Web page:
In presentations to congressional investigators and a post on its site, Twitter said it found 201 accounts on its service linked to Russian actors that Facebook Inc. recently identified as having run ads meant to sow political and social division. In addition, Twitter said the Russian-backed news site RT, which a U.S. intelligence report said aimed to meddle in the election, bought $274,100 of ads on Twitter last year. That compared with $152,000 that Facebook said Russian actors spent on its site.

But Twitter’s comments left unclear the extent of the problem, including how many accounts attempted to spread misinformation or violated Twitter’s rules, and how users interacted with those tweets.

Twitter in its statement identified only accounts that corresponded to the roughly 450 Russian-linked accounts that Facebook had identified as purchasing $150,000 in ads to provoke political tension.

Twitter said it found 22 accounts with corresponding Facebook accounts that Facebook said had Russian links, and another 179 with ties to those accounts. The company said it suspended some of those accounts for violating its rules. It also suspended bots that spread misleading information about voting, such as ones that said Americans could “text-to-vote.”

Mark Warner, a Virginia Democrat and the vice chairman of the Senate Intelligence Committee, said the meeting with Twitter was “deeply disappointing” and added the company had not done enough to examine the extent of Russian activity on its platform.

Mr. Warner, who has long pushed for a deeper examination of Russian activity in online communities, criticized Twitter for only analyzing accounts derivative of Facebook accounts. That showed “an enormous lack of understanding from the Twitter team of how serious this issue is, the threat it poses to the democratic institutions and again begs many more questions than they offer,” he said.

A Twitter spokeswoman declined to comment directly on Mr. Warner’s remarks.

Congressional leaders, probing how Russians sought to manipulate public opinion during the election on Twitter, Facebook and Alphabet Inc.’s Google, have called on the companies to disclose their findings in public and private meetings. Twitter met with the House and Senate Intelligence Committees behind closed doors Thursday for several hours for the first time on the topic of foreign interference. Both panels are conducting probes of Russian activity during the election. Russia has denied interfering in the election.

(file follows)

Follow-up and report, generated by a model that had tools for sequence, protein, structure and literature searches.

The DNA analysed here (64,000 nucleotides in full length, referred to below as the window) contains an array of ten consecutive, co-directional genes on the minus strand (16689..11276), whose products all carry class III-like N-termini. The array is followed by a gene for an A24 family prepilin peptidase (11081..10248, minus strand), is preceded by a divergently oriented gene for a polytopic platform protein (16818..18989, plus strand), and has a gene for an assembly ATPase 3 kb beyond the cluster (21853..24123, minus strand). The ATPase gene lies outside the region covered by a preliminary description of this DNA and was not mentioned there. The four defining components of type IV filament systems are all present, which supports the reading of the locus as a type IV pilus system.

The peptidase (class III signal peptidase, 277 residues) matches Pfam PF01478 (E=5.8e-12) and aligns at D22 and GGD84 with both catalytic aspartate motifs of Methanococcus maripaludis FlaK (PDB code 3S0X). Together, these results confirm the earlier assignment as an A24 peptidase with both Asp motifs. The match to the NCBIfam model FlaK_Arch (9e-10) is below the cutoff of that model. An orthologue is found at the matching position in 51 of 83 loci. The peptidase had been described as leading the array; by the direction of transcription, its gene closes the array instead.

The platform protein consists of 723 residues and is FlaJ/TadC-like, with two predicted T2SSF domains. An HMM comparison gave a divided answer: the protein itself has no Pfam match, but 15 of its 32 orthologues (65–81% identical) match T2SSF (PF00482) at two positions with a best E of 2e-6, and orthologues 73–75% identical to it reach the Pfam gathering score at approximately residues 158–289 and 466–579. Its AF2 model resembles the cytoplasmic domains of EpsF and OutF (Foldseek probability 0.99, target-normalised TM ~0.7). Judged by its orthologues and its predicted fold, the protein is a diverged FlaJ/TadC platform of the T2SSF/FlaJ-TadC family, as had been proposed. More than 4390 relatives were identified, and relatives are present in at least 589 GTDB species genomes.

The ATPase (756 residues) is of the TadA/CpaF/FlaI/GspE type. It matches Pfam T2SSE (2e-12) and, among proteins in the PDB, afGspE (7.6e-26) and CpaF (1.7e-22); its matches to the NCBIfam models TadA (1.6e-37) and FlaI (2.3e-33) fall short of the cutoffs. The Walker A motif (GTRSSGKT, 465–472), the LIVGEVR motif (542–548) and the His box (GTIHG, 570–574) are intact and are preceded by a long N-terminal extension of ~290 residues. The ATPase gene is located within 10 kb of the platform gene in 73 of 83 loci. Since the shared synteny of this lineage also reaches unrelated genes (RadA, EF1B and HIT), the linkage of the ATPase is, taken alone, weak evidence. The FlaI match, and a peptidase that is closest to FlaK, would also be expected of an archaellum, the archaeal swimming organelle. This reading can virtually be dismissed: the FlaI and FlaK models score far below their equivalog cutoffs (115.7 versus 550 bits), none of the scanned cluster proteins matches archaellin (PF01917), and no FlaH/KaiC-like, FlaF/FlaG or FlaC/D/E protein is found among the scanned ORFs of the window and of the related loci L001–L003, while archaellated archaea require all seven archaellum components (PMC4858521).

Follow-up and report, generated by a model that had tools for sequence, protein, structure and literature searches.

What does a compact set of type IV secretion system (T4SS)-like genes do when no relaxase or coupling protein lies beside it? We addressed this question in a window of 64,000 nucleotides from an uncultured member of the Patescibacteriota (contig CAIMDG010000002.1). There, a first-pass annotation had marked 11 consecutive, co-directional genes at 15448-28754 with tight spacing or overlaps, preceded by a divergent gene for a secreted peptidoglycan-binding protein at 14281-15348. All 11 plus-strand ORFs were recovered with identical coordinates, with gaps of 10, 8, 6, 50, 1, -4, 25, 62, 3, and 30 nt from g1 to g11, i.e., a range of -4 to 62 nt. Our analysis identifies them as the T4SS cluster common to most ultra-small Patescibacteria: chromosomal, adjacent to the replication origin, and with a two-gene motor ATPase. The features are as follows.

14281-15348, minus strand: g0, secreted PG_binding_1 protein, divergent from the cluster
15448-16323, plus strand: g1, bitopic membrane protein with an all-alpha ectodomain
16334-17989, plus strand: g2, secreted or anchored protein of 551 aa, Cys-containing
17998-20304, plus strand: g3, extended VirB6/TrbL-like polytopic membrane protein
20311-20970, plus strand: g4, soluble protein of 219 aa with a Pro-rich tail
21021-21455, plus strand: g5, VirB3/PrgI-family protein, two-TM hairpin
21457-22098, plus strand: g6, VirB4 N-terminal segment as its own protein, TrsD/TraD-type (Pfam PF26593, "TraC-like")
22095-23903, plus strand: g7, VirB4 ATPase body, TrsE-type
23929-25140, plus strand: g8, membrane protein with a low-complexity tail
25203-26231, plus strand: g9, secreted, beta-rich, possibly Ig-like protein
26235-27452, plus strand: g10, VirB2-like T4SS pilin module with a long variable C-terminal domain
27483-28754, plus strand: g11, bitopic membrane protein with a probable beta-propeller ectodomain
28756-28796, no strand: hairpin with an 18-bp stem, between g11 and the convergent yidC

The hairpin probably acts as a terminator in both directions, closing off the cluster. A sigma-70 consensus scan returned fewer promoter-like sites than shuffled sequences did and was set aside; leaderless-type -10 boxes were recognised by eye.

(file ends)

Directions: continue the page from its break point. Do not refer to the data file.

Twitter’s announcement is likely to further heighten tensions between technology companies and regulators for how their platforms are used to spread misinformation and affect the democratic process, in ways that the companies struggle to grasp.

“With hundreds of millions of Tweets globally every day, scaling these efforts continues to be a challenge,” Twitter said in a statement Thursday.

Facebook said earlier this month that it identified 5,200 Russian-backed ads. In July, the company said it had no evidence that Russian entities bought ads targeted at Americans on the platform during the election season.

“I don’t want anyone to use our tools to undermine democracy. That’s not what I stand for,” Facebook Chief Executive Mark Zuckerberg said in a statement last week.

Last week, Facebook said it was sharing more data with other tech companies related to attempts to interfere with elections. “It’s almost certain that any actor trying to misuse Facebook will also be trying to abuse other internet platforms too,” Mr. Zuckerberg said in his statement.

Congressional investigators said Twitter appeared to be having more difficulty in tracking activity on its platform, given that it allows users anonymity and pseudonymity—unlike Facebook, which has a policy requiring that users operate under their legal names. People close to Twitter say the company is months behind Facebook in determining the scope of nefarious bot activity on its social network.